Sunday, March 3, 2024

Spiber Expands Textile Recycling With New Partners Kering, Eileen Fisher, and Johnstons of Elgin


Japanese biotechnology start-up Spiber is expanding its influence in the materials innovation sector in a new collaboration with Kering’s Material Innovation Lab, dye and chemical manufacturer DyStar, as well as Eileen Fisher Inc. and Johnstons of Elgin.

Spiber’s new initiative focuses on transforming unused apparel, textiles, and agricultural waste into new materials. Its newest collaborators join earlier participants including Goldwin and sportswear brand Pangaia.

The new collaboration was announced at the Biofabricate next-generation materials conference in Paris. Each brand involved will provide sample materials to Spiber. These samples, made of specific fiber mixes, will be used to assess how different chemical and color treatments react and break down in Spiber’s molecular fermentation process. The goal is to determine if these materials can be regenerated into new, sustainable products. The project will also explore the potential of textile blends, such as poly-cotton, in circular economy applications.

“We are working with the brands to actually test some of the materials they’re using to see if the dyes they use cause any problems for our circulation process, to test to see if certain blends of fibers have viable solutions for circularity,” Kenji Higashi, Spiber’s executive vice president of sustainability, told WWD.

spiber sweat
Goldwyn has used Spiber’s Brewed Protein in its recent collection | Courtesy

Spiber and its partners aim to identify which material blends and chemical treatments are suitable for circularity. The findings won’t just benefit the participating brands; Spiber plans to compile a comprehensive database from the research. This resource is expected to launch before the end of 2024. “Hopefully, they can start designing products that only use chemicals that are compatible with this process and only use fibers that are compatible with this process,” Higashi said.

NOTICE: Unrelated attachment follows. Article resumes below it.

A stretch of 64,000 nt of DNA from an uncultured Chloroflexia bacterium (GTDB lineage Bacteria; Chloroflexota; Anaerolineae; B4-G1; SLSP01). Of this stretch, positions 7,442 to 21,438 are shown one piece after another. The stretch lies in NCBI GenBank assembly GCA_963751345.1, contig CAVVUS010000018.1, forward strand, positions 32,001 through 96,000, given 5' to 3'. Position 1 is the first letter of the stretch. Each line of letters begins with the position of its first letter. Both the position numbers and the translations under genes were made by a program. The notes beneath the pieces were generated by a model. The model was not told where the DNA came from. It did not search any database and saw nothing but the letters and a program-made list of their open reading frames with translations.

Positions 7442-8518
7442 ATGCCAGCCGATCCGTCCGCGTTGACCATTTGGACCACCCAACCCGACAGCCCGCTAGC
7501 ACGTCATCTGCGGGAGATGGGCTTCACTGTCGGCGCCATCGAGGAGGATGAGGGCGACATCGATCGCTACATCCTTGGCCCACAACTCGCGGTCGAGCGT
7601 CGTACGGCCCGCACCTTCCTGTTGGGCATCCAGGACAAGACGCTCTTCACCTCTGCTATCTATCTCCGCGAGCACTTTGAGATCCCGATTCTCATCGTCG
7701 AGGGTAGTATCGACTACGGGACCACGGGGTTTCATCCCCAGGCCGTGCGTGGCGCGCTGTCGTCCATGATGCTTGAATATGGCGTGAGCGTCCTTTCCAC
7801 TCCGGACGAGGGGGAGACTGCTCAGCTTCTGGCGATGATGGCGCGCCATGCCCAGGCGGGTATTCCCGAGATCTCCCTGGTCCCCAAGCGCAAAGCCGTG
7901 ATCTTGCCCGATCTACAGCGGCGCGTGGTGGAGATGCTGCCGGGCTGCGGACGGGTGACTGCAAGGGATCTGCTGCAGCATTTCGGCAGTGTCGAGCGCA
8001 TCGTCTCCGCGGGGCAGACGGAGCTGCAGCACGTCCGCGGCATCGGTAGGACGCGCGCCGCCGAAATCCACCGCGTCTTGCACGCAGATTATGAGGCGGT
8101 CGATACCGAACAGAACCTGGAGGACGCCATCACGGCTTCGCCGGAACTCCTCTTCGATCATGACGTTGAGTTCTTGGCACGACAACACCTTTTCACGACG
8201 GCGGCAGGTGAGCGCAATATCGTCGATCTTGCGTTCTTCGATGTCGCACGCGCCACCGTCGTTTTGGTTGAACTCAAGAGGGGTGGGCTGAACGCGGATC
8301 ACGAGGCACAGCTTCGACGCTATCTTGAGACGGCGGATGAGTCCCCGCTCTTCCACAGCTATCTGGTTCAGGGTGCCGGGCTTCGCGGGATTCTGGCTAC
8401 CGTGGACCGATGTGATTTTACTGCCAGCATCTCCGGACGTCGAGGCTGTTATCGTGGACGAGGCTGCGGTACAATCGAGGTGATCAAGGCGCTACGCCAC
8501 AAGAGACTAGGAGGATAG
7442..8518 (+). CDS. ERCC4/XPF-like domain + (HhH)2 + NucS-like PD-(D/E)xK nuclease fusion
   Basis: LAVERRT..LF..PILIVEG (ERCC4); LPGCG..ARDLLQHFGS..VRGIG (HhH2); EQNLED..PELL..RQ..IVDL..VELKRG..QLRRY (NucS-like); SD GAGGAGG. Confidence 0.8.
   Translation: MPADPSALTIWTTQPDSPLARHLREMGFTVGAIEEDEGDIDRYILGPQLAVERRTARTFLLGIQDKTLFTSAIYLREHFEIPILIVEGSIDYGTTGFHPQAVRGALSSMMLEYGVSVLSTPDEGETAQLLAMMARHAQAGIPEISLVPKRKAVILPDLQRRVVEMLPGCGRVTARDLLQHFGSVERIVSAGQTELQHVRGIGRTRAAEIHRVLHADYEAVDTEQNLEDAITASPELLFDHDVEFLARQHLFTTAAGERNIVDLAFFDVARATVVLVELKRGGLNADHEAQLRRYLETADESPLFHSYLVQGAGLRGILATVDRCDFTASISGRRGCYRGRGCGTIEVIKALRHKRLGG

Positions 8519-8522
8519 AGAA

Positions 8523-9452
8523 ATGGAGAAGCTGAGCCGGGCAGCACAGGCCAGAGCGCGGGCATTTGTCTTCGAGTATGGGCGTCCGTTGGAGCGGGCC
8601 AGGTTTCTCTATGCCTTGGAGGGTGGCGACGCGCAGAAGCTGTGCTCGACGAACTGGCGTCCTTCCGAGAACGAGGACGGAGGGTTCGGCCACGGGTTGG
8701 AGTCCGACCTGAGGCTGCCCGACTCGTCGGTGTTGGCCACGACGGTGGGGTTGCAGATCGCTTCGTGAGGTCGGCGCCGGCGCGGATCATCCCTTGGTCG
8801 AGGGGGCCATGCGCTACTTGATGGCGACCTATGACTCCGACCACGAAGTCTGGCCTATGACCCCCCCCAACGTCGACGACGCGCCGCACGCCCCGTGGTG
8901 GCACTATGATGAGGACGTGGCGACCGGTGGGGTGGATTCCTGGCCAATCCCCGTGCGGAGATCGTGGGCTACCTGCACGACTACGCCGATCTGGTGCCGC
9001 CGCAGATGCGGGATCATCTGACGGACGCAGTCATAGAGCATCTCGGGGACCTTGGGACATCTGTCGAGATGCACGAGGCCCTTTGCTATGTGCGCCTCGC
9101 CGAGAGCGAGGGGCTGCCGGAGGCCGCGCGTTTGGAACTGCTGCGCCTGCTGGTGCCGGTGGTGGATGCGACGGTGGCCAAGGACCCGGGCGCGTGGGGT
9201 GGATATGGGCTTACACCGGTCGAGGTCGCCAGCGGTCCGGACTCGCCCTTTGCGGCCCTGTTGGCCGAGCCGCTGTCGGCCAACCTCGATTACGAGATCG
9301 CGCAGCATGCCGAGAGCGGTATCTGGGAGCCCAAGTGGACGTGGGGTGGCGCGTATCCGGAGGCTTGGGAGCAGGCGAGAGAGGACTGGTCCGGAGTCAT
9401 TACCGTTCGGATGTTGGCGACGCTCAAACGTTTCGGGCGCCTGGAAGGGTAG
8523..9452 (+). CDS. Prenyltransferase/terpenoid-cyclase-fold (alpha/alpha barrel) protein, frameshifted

Spiber has previously made strides in sustainable materials, notably with its Brewed Protein fiber, derived from corn- and sugar-based food-grade feedstock. Pangaia used the material in a limited-edition hoodie launched in 2022.

Also in 2022, Spiber opened a facility capable of large-scale production, such as repurposing agricultural and textile waste into new materials. Currently, natural, bio-based materials like cotton and wool are compatible with Spiber’s process, but the company says the challenge lies in handling chemicals, dyes, and synthetic blends. “There’s a lot of challenges for scaling up,” said Higashi, which includes sourcing sufficient waste materials for conversion at a scale that meets production demands.

“In order to actually create a circular ecosystem for the industry, we need every slice of this [textile] pie to have a solution for circularity,” Higashi said. “If any of these slices don’t have viable solutions, we need to ban or tax or find ways to move away from those ones.”

Inka Apter, director of material sustainability and integrity at Eileen Fisher Inc., expressed enthusiasm for the project: “We need all the tools in our toolbox in order to jointly move our industry forward towards circular economy for textiles. The biosphere circulation project looks at the fundamental principles of circularity at the level of building blocks of our materials, including dyes and finishes. It is a new yet essential approach to circularity.”

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